ODE TO GOD by Obisanwo Oladipupo

The sun gets it brightness from You.
The moon takes orders from You.
The stars blossom by obeying You.
You are God, Àwímàyèhùn.

You control the world like it were a ball.
You are at the centre of it all,
Yet You stand far away.
You are God, Èlétígbáròyé.

You do great and mighty things,
For You are the King of kings.
The oceans gospel Your majesty.
You are God, Àràbàríbítì.

The whole world is not enough for Your praise.
The Ancient of days.
You are more than what people say.
You are God, Gbò n gbò n ìdílé Jesse.

You who created the universe,
Your ways are diverse.
Your kingdom scapegoats any intruder.
You are God, Kìnìhún èyá Júdà.

My Nightmares,My Loopholes: Alim Barakah

‘My friend you seem very lucky ooo.’
‘You can say that again, Racheal.’
‘l really wasn’t expecting an iPhone though but I guessed it should be something big.’
‘Eeeh! I blessing…an iPhone 11! I don become one of the biggest babe in town! Thanks to Mr Ade.’
‘Bleeeeesing, hnmmmm pelzzin husband, mama bisi’s husband. If mama Bisi catch you eheeeen, na pepper you go smell. But I dey happy for you sha. Me sef, I no dey do single guys again. Na married men like Mr Ade I want, in fact, person wey pass Mr Ade.’
‘Wetin? I just dey use Mr Ade catch cruise ni oooo, Yorrrubaaaaa, wetin i wan use a Yoruba man do. Na emeka I go marry.
‘Mtcheeeew. Emeka kwa? That broke ass guy. Emeka wetin? Mtcheew, dat one. Well, na you sabi. As for me, na married man I go marry.’
‘Hnmmmm. What of that abroad guy wey dey disturb you? your pepperlino.
‘Who be your pepperlino? oh! You meant Andrew, that one? He too young for my type and besides were you deaf when I was yarning say na married man I fit marry. Na dem sabi, na dem fit take care of singles like us.’ She said pulling her blouse and swirling her head in circular motions.
‘But that guy na good catch ooo. I must tell you.’
‘Abeg! Mtcheeew, which good catch. I no fit abeg! He dey too young. Imagine, he is 21. He no fit take care of me. He even said he would be coming to Nigeria next tomorrow.’
‘Ehnnn, you no wan tell me before? But he looks matured in the picture you showed me. But e be things sha, coz picture dey decieve. E dey too young tho, ha! 21! E don pass you sef. Na no way true true.’
‘My dear, it is really no way. Na im face I just wan see. You no say na for social media we dey chat since a year now. Na only im face and the goody goody wey im promise me I dey excited to see.’
‘Everything don enter itself. In one word, you can’t wait to see him.’
‘Na you sabi!’ I said patting blessing playfully.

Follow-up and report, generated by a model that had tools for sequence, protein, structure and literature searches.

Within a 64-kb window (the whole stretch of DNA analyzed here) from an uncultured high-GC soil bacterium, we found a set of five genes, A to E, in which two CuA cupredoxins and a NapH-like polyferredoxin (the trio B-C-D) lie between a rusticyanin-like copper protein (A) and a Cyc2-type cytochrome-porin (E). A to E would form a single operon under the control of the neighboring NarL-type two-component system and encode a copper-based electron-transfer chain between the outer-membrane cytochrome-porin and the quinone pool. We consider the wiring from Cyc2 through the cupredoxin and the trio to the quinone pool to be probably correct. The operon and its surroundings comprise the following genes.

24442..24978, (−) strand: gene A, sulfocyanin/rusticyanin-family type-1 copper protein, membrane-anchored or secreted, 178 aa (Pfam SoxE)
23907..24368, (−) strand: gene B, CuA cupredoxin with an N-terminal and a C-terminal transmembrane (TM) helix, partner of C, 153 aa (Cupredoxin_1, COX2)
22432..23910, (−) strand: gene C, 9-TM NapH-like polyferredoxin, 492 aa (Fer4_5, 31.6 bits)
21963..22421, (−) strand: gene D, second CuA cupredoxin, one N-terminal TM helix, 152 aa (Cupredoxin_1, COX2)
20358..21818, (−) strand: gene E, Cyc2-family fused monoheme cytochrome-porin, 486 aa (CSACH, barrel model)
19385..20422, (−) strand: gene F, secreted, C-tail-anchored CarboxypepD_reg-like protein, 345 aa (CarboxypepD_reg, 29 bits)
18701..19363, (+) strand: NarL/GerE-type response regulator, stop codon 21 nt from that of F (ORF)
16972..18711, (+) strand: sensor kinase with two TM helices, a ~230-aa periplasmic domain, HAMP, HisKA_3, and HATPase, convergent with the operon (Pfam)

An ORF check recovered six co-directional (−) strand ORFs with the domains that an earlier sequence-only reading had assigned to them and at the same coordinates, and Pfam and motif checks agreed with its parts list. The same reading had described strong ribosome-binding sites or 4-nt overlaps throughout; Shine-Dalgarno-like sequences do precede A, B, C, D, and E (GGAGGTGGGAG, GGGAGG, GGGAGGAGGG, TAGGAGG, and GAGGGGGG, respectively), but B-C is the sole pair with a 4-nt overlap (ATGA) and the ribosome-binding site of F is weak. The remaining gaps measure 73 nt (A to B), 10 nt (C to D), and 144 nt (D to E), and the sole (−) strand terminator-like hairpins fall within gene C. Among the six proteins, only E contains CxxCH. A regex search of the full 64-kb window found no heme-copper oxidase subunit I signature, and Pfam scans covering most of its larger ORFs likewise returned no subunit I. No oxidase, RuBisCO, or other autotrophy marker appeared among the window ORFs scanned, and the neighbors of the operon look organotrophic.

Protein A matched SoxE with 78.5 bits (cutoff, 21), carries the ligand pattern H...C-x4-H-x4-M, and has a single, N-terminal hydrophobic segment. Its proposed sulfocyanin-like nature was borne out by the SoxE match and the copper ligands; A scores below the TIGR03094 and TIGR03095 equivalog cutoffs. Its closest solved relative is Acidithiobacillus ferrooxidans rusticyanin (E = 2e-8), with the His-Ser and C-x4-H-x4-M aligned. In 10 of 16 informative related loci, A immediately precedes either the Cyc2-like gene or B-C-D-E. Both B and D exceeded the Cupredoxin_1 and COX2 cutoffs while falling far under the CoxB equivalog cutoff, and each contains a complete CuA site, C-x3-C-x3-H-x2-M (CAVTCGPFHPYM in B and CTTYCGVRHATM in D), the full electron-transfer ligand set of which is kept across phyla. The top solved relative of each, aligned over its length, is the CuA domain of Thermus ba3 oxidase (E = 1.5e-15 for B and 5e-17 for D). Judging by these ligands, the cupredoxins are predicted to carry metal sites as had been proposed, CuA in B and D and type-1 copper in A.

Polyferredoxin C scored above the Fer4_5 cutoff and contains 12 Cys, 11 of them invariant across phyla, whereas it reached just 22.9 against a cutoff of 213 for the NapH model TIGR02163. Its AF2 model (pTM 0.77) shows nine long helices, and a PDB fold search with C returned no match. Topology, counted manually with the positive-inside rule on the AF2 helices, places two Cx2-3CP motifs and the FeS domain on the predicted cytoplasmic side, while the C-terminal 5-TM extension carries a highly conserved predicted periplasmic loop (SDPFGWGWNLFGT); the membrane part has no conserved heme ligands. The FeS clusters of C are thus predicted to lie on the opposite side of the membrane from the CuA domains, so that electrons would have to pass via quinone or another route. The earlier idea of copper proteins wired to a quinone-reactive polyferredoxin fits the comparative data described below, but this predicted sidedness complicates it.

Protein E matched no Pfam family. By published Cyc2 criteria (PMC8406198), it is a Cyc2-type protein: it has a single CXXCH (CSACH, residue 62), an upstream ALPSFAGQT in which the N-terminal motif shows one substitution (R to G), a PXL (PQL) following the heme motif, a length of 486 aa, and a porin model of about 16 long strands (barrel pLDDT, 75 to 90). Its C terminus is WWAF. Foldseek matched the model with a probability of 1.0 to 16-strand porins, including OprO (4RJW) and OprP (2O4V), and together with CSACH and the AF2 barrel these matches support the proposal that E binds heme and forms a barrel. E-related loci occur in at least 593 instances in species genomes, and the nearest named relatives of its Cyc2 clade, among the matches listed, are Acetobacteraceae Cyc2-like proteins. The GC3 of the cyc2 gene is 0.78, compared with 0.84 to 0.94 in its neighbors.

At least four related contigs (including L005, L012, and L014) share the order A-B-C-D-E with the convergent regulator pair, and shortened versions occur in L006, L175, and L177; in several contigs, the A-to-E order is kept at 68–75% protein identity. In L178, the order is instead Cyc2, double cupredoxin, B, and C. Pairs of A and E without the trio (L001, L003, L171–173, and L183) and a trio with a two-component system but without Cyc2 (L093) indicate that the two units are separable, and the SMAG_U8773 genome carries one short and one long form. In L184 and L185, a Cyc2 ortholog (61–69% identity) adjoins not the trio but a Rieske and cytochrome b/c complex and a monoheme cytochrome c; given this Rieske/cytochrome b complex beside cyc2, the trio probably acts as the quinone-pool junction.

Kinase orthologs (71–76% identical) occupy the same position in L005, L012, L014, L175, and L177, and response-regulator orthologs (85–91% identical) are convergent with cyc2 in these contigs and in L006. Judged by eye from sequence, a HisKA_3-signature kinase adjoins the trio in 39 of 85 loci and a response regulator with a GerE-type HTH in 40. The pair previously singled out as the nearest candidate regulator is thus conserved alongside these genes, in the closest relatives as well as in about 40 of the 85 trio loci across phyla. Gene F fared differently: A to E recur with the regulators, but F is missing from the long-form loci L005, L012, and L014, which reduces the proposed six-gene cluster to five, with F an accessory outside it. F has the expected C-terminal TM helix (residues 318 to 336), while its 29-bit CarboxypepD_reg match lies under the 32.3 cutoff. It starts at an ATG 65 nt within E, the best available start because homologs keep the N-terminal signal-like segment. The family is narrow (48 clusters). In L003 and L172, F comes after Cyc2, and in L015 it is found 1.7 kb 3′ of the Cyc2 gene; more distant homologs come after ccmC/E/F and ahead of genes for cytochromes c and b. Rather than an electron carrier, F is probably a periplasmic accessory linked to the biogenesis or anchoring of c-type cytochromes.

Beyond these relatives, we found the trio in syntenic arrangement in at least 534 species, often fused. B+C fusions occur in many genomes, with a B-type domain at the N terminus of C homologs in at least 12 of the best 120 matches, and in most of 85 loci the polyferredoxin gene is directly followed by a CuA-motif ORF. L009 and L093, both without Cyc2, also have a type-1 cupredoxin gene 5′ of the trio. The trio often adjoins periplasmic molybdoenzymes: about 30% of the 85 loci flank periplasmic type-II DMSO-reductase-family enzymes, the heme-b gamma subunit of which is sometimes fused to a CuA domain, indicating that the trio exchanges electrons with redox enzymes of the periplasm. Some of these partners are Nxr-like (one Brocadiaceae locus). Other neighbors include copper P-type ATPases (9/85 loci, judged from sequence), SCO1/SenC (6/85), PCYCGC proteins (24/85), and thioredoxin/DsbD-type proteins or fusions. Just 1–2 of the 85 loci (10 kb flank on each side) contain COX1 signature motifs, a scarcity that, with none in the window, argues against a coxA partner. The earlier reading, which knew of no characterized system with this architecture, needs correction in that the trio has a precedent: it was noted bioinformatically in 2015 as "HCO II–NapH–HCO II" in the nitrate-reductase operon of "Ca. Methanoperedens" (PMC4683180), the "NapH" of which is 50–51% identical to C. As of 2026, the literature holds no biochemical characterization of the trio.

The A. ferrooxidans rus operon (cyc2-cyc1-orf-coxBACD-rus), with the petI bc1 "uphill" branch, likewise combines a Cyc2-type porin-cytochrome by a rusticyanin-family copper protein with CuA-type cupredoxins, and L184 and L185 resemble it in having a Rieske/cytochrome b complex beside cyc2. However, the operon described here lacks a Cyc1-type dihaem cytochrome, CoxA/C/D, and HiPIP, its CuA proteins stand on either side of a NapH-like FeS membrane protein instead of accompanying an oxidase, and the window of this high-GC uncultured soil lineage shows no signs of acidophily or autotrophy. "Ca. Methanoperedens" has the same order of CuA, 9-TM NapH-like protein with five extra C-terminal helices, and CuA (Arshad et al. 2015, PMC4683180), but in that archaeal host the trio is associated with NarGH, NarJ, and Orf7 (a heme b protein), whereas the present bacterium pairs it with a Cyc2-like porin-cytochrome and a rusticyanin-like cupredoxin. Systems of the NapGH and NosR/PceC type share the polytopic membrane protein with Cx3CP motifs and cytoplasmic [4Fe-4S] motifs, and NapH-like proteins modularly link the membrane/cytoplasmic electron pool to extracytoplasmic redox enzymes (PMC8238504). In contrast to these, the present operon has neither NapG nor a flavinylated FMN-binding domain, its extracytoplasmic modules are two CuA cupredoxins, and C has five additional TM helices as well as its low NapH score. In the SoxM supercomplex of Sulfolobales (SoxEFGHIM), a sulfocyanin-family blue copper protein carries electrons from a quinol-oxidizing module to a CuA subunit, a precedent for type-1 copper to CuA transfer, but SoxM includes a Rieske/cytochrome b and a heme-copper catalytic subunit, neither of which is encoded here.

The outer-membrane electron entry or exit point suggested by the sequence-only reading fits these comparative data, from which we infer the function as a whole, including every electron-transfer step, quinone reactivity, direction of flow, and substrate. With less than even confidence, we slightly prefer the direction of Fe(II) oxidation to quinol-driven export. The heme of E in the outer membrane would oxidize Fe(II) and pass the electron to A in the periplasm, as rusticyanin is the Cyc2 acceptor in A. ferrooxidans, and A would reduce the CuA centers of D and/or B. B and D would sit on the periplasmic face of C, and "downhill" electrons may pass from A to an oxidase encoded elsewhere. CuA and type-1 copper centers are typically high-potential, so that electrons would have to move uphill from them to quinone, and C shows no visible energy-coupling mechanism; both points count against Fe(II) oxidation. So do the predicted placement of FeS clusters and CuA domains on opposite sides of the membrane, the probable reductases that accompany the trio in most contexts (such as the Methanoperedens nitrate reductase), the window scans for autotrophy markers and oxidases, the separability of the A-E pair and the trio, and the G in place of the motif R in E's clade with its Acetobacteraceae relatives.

‘Ahnahn ahn! What is all these now? Mtcheeew. What is the meaning of all these?
‘I’m so sorry. I’m very sorry. It wasn’t deliberate. I’m so sorry.’
‘See the way you splashed water all over my body. You are telling me sorry. Will sorry clear this mess all over me? That’s the way you rich people do. Bloody oppressors!’
‘Hey, young lady! I dont want you to think that way. You are taking this too far. I said I’m sorry. I’m really sorry. It wasn’t intentional. You know what, let me give you a ride to your destination. I’m really sorry.’
‘Don’t bother!’ I said almost walking away.
‘Please. Dont decline. Please.’
‘Thanks. Where are you heading to?’
‘Dave’s street.’
‘Dave’s street? That’s my street. My name is Mr Juwon Davies.’
‘Oh! Really? Then you would be living very close to my place.’ I said smiling delightfully.
‘I live at no 6. What about you?’
‘No 15.’
‘So, what is the name of this beautiful angel?’
‘Racheal.’ I said unable to hide my excitement and sensual appeal.
‘Wow! What a nice name you’ve got.’
‘Thanks.’ I said widening my already invoked smile. I run my eyes all over him; from his few strands of slivering white hairs mixed with the black bush as if two different colours of nursery beds has been planted randomly. His well shaped hair cautiously brought down to his chin in a well constructed line by a learned barber whose handwriting must have been good during school days. His beards, in its appropriate length for his not too wide chin and circular face. The different strands of hair growing contrastively in colour, (black and white) as if they had been matchmaked. His dreamy eyes. His narrowed bone nose down to his flat and smallish nose. Beside his nose, on his right cheek stood a big black dot that is darker than his ebonized skin. His ear, the perfect size for the completely handsome face. His circular head pressing on his well-wedged neck, that anytime he is not looking at the side mirror of the car, observing passing cars, two pounds of flesh are formed while sitting comfortably. His well built muscular shoulder down to his arms sent a cold shiver down my spine. A big gold necklace stood around his neck like a choker, the pendant lying between his broad chest.